Some Chronic Kidney Disease (CKD) patients wonder why they have bad breath other than the obvious reasons such as eating a sandwich with extra onions or just waking up from a long nap. At times it is more difficult to pin down the true culprit of bad breath. While it may be a product of odor-causing bacteria buildup in your mouth and between your teeth (halitosis), people with CKD should know that bad breath can also be a sign of a more serious health condition which should be addressed immediately.
Those with CKD know the benefits of brushing and flossing their teeth daily to prevent food particles from remaining in their mouth which can cause bad breath as well as plaque (a colorless, sticky film of bacteria) to form on their teeth. If plaque builds up, it can irritate your gums (gingivitis) and eventually form plaque-filled pockets between your teeth and gums (periodontitis). This can lead to CKD patients having to conduct major dental procedures before being placed as "active" on the Kidney Transplant Waiting List. The Mayo Clinic notes that bad breath can be caused by poor surgical wound-healing after oral surgery as well.
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It might not be the typical "bad" breath you're used to rather a "potent" fishy smell could signal serious problems or whiffs of fruit could be a sign of uncontrolled diabetes, US News reported. According to the Mayo Clinic, certain cancers produce chemicals in the body that may in turn lead to a "distinctive breath odor." Heartburn, common in CKD patients, may also contribute to bad breath since stomach acid is constantly refluxing.
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Finally, a respiratory tract infection such as Bronchitis can be mistaken as a simple cold, but according to a 2006 report, Bronchitis, pneumonia, sinus infections and postnasal drip can all lead to bad breath. Another 2013 study found that organisms that live in the gut of obese people may give off a certain, distinctive gas, causing bad breath in the mouths of the overweight. The specific microbe in question is present in about 70 percent of people, but higher in about 30 percent possibly predisposing those folks to obesity, Time.com reported.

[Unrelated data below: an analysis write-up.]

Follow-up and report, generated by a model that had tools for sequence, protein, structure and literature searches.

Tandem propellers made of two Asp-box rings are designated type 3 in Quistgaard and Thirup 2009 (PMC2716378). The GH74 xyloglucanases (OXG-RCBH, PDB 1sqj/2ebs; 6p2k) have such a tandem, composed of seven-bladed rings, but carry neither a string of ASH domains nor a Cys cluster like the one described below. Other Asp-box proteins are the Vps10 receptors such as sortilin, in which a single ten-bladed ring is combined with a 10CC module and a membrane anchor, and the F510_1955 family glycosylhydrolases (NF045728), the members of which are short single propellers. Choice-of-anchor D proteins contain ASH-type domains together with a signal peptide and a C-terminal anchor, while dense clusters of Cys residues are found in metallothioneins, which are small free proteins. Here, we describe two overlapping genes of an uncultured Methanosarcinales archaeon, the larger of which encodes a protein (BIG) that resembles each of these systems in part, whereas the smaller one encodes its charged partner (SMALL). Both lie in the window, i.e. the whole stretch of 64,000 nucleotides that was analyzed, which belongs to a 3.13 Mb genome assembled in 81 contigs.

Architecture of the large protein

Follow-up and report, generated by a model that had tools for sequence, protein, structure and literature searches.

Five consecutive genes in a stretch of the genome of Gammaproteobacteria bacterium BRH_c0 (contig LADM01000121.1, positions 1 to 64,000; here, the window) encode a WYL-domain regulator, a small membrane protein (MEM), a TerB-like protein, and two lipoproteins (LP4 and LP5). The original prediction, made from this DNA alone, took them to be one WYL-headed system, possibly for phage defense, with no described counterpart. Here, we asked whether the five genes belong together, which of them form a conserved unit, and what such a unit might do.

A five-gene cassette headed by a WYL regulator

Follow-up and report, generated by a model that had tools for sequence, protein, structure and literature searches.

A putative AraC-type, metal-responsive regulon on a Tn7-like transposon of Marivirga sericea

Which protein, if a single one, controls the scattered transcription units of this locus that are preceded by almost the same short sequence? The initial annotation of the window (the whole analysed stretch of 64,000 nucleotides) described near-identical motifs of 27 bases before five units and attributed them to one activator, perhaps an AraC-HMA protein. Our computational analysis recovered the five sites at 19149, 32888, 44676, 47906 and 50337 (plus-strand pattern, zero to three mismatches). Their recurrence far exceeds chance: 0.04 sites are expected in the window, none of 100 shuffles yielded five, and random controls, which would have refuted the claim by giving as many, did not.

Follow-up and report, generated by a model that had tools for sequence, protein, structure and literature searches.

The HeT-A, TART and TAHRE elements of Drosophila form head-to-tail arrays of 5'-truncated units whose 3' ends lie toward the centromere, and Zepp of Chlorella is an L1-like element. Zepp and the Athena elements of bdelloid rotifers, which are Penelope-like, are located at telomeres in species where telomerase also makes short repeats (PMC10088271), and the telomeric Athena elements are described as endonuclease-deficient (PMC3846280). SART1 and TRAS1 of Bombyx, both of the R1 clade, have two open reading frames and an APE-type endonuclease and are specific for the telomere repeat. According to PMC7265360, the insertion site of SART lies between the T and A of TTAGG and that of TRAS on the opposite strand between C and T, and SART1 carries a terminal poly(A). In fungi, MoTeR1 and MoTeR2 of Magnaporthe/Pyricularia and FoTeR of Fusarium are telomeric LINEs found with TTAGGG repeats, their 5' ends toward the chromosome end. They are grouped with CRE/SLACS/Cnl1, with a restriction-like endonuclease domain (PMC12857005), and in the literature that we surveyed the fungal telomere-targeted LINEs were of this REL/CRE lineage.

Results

Other mouth, nose and throat conditions can cause bad breath. For instance, small stones that form in the tonsils and are covered with bacteria that produce odorous chemicals. Infections or chronic inflammation in the nose, sinuses or throat can also contribute to postnasal drip which can create bad breath. If your bad breath continues despite a good diet and proper dental hygiene, you should talk to your Dentists and/or Nephrologists because bad breath can be a sign that your condition needs immediate medical attention.
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Mayo Clinic Staff. "Bad Breath." Http://www.mayoclinic.com/. Mayo Foundation for Medical Education and Research.
Klein, Sarah. "6 Sneaky Reasons Your Breath Stinks." The Huffington Post. TheHuffingtonPost.com.